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Piling On Sony

Now both the Electronic Frontier Foundation (EFF) and the Texas Attorney General have filed suit against Sony BMG Music Entertainmen
I've been as mad as anybody at Sony over its use of a rootkit as a "digital rights management" tool. It's a little like calling a sawed-off shotgun a privacy-management tool -- it's effective, but the consequences are both unpredictable and horrific.

Now both the Electronic Frontier Foundation (EFF) and the Texas Attorney General have filed suit against Sony BMG Music Entertainment.And I'm beginning wonder if we haven't crossed the line into a place where more outrage, however legitimate, may not be counter-productive. I get the feeling there's some piling on happening after the whistle has blown. And I would hate to see Sony turn that to its advantage.

Sony has paid a price that should make any media company think seriously about similar approaches in the future. Now we should be careful not to punish Sony so severely that it leads media companies to band together out of fear and buy another round of pernicious legislation from the same easily bought U.S. Congress that gave us the Sonny Bono Copyright Act and the Millenium Copyright Act, to name just two particularly stinky piles of special-interest legislation.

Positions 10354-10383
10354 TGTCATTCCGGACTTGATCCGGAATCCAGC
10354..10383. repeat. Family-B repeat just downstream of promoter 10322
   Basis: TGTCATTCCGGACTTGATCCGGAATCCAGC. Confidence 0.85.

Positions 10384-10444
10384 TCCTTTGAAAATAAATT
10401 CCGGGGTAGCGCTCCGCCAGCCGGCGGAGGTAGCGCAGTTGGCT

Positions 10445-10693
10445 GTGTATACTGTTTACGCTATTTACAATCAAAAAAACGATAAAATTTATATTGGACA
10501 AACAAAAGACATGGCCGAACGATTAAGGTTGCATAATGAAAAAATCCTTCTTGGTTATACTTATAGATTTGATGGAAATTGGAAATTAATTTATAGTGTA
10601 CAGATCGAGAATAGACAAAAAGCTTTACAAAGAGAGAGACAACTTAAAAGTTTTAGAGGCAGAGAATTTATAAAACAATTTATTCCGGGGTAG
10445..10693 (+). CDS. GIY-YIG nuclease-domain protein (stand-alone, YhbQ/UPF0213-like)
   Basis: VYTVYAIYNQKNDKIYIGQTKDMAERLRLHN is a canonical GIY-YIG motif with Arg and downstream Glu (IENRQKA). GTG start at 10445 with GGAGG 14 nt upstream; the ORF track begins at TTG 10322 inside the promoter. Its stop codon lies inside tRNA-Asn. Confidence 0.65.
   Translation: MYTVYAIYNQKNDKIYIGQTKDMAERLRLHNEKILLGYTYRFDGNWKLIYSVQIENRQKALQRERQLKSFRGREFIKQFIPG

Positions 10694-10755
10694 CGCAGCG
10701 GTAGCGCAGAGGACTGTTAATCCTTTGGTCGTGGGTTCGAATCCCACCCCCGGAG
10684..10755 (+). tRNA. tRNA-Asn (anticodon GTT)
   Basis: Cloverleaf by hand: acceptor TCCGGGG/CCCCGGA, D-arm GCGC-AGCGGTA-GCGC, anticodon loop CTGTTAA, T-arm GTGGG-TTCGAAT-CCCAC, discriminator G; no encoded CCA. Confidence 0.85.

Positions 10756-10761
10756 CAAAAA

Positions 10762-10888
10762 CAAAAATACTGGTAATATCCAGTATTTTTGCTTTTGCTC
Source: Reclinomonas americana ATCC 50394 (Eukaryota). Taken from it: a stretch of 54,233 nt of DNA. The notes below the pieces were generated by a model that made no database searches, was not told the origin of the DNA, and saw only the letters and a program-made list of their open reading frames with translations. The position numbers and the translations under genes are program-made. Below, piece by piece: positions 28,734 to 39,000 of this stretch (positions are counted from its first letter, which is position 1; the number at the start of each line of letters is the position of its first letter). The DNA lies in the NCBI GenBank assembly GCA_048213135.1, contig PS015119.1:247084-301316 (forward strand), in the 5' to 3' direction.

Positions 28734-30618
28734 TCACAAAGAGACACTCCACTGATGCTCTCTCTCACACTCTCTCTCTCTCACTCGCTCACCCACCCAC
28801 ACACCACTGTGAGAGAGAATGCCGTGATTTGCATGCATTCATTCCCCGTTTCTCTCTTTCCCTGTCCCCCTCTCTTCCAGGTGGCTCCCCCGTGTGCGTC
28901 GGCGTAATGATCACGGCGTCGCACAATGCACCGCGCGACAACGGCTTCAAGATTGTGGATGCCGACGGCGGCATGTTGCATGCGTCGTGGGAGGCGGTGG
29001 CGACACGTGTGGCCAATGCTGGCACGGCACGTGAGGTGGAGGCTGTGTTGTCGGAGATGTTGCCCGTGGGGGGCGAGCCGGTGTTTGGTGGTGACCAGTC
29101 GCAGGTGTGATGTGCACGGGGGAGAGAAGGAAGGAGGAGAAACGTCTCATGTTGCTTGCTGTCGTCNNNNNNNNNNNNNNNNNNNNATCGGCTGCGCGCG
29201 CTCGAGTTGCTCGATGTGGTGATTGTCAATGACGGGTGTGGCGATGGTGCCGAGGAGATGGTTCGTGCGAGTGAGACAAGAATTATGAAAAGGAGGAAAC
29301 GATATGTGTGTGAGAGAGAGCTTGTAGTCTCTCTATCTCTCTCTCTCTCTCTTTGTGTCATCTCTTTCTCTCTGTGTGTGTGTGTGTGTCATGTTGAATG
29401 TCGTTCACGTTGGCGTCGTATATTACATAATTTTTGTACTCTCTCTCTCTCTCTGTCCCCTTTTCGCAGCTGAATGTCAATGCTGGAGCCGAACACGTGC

Several good things have come out of this fiasco. A major obnoxious entertainment company has gotten thoroughly slapped around for its digital wrongs in the court of public opinion. Bloggers got a lot of positive attention in the process. The idea that all's fair in "digital rights management" has been shot full of holes. I'll settle for that this time around.

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Brian T. Horowitz, Contributing Reporter
Samuel Greengard, Contributing Reporter
Nathan Eddy, Freelance Writer
Brandon Taylor, Digital Editorial Program Manager
Jessica Davis, Senior Editor
Cynthia Harvey, Freelance Journalist, InformationWeek
Sara Peters, Editor-in-Chief, InformationWeek / Network Computing